3.4 More About Arguments

3.4.1 Default Arguments

Sometime around the year 1400CE, the South Indian mathematician Madhava discovered the following infinite-series formula for \(\pi\), the ratio of the circumference to the diameter of a circle:

\[\pi = \frac{4}{1} - \frac{4}{3} + \frac{4}{5} - \frac{4}{7} +\frac{4}{9} - \cdots\] The numerator of each fraction is always 4. The denominators are the odd numbers 1, 3, 5, and so on. The fractions alternate between positive and negative. The idea is that the further you go out in the series, the closer the sum of the fractions will be to \(\pi\). No matter how close you want to get to \(\pi\), you can get that close by adding up sufficiently many of the fractions.

In mathematics courses we learn to write the sum like this:

\[\pi = \sum_{k=1}^{k=\infty} (-1)^{k+1}\frac{4}{2k-1}.\] Here’s how the mathematical notation works:

  • The \(\Sigma\) sign stands for “sum”: it means that we plan to add up a lot of terms.
  • The expression \((-1)^k\frac{4}{2k-1}\) after the sum-sign stands for all of the terms that will be added up to make the infinite series.
  • Underneath the sum-sign, \(k=1\) says that in the expression after the sum sign we will start by letting \(k\) be 1.
  • If we let \(k=1\), then the expression becomes \[(-1)^2\frac{4}{2 \cdot 1 -1} = \frac{4}{1} = 4,\] the first term in the series.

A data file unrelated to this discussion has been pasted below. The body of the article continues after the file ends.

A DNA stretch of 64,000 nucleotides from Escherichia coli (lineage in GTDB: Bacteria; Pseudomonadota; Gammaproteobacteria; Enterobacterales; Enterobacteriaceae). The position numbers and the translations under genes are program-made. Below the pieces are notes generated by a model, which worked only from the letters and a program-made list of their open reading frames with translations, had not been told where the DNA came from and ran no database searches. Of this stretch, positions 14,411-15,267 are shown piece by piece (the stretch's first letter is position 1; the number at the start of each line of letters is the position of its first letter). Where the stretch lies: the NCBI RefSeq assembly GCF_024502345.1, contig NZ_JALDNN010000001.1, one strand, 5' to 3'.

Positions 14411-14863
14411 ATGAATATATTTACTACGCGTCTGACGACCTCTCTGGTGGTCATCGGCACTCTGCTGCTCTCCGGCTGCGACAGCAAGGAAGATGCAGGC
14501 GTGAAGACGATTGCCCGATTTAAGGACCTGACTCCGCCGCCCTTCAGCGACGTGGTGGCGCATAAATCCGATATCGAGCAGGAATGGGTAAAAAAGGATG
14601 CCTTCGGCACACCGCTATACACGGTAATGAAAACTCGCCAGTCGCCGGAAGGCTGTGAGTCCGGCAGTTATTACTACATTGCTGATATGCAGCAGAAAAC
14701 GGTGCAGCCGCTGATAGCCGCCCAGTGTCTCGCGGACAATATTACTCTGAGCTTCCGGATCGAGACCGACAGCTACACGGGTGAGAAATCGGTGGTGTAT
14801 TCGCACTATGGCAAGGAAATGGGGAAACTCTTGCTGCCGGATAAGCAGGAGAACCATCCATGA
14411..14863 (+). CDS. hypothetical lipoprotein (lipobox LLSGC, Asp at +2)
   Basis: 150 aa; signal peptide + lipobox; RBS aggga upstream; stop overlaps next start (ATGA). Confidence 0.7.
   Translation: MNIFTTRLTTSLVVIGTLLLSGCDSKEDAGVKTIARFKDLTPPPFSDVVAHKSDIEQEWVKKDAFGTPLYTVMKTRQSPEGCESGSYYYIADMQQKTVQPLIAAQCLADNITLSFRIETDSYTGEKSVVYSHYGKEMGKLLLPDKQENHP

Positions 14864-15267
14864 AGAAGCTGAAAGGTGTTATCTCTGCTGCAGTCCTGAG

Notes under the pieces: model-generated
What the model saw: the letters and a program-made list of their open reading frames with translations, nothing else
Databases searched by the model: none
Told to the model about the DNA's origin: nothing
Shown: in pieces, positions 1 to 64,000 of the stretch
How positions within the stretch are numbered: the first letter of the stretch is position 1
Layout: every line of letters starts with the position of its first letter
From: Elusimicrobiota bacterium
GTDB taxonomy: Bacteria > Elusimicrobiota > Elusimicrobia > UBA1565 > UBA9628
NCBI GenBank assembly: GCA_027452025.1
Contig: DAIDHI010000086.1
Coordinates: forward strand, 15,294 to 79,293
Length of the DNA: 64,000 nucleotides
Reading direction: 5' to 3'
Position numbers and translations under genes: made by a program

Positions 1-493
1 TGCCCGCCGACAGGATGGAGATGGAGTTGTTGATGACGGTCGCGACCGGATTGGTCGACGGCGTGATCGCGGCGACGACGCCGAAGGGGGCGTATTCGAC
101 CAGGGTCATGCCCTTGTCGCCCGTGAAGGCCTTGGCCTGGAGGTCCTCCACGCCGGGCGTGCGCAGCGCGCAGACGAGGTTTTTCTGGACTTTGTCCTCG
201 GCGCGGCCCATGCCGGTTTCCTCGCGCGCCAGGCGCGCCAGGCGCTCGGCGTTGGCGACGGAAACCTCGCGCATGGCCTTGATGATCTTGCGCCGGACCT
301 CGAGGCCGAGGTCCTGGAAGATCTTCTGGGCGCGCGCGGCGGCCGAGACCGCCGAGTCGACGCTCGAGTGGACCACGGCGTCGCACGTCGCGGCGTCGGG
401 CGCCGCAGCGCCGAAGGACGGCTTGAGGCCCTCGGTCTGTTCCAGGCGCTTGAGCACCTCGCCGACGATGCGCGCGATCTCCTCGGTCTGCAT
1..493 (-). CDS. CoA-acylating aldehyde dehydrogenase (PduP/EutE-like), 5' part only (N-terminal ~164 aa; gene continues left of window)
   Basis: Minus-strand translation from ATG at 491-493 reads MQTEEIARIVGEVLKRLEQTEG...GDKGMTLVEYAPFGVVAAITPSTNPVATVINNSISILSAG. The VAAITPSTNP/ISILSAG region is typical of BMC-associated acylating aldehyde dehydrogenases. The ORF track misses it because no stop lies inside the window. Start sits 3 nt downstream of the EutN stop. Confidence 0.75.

• If we let \(k=2\), then the expression becomes \[(-1)^3\frac{4}{2 \cdot 2 -1} = -\frac{4}{3}\] the second term in the series.
  • If we let \(k=3\), then the expression becomes \[(-1)^4\frac{4}{2 \cdot 3 -1} = \frac{4}{5}\] the third term in the series.
  • The \(k = \infty\) above the sum-sign says that we are to keep on going like this, increasing \(k\) by 1 every time, without stopping.
  • In this way we get the entire infinite series.

What Madhava discovered was that if you do stop after some large number of terms, then the sum of the terms you have constructed will be close to \(\pi\). The more terms you add up before stopping, the closer to \(\pi\) you will get.

Let’s write a function to compute the sum of the first \(n\) terms of the series, where \(n\) can be any value we choose.

R’s vectorization capabilities make it easy to write the code; in fact, the code is essentially a copy of the sum-formula.

Note also the presence of comments in the code above. Anything that appears on a line after the pound-sign # will be ignored by R. We therefore use the #-sign to insert ordinary-language comments into our code in order to explain to others (and to ourselves when we look at the code much later) what we are doing and why we are doing it.

Let’s try it out by adding the first million terms of the series:

## [1] 3.141592

How close is this to \(\pi\)? R has a built-in constant pi that will tell us:

## [1] 3.141593

Madhava’s approximation was pretty close, although we did have to add up quite a few terms!

The madhavaPI() function has a parameter n that stands for the number of terms we want to add up. If we don’t provide a value for n, then there will be an error:

## Error in madhavaPI() : argument "n" is missing, with no default

There is a way, though, to allow a user to avoid providing a value for n. We simply provide a default value for it, like this:

Now we can call the function without having to specify an argument for the parameter n: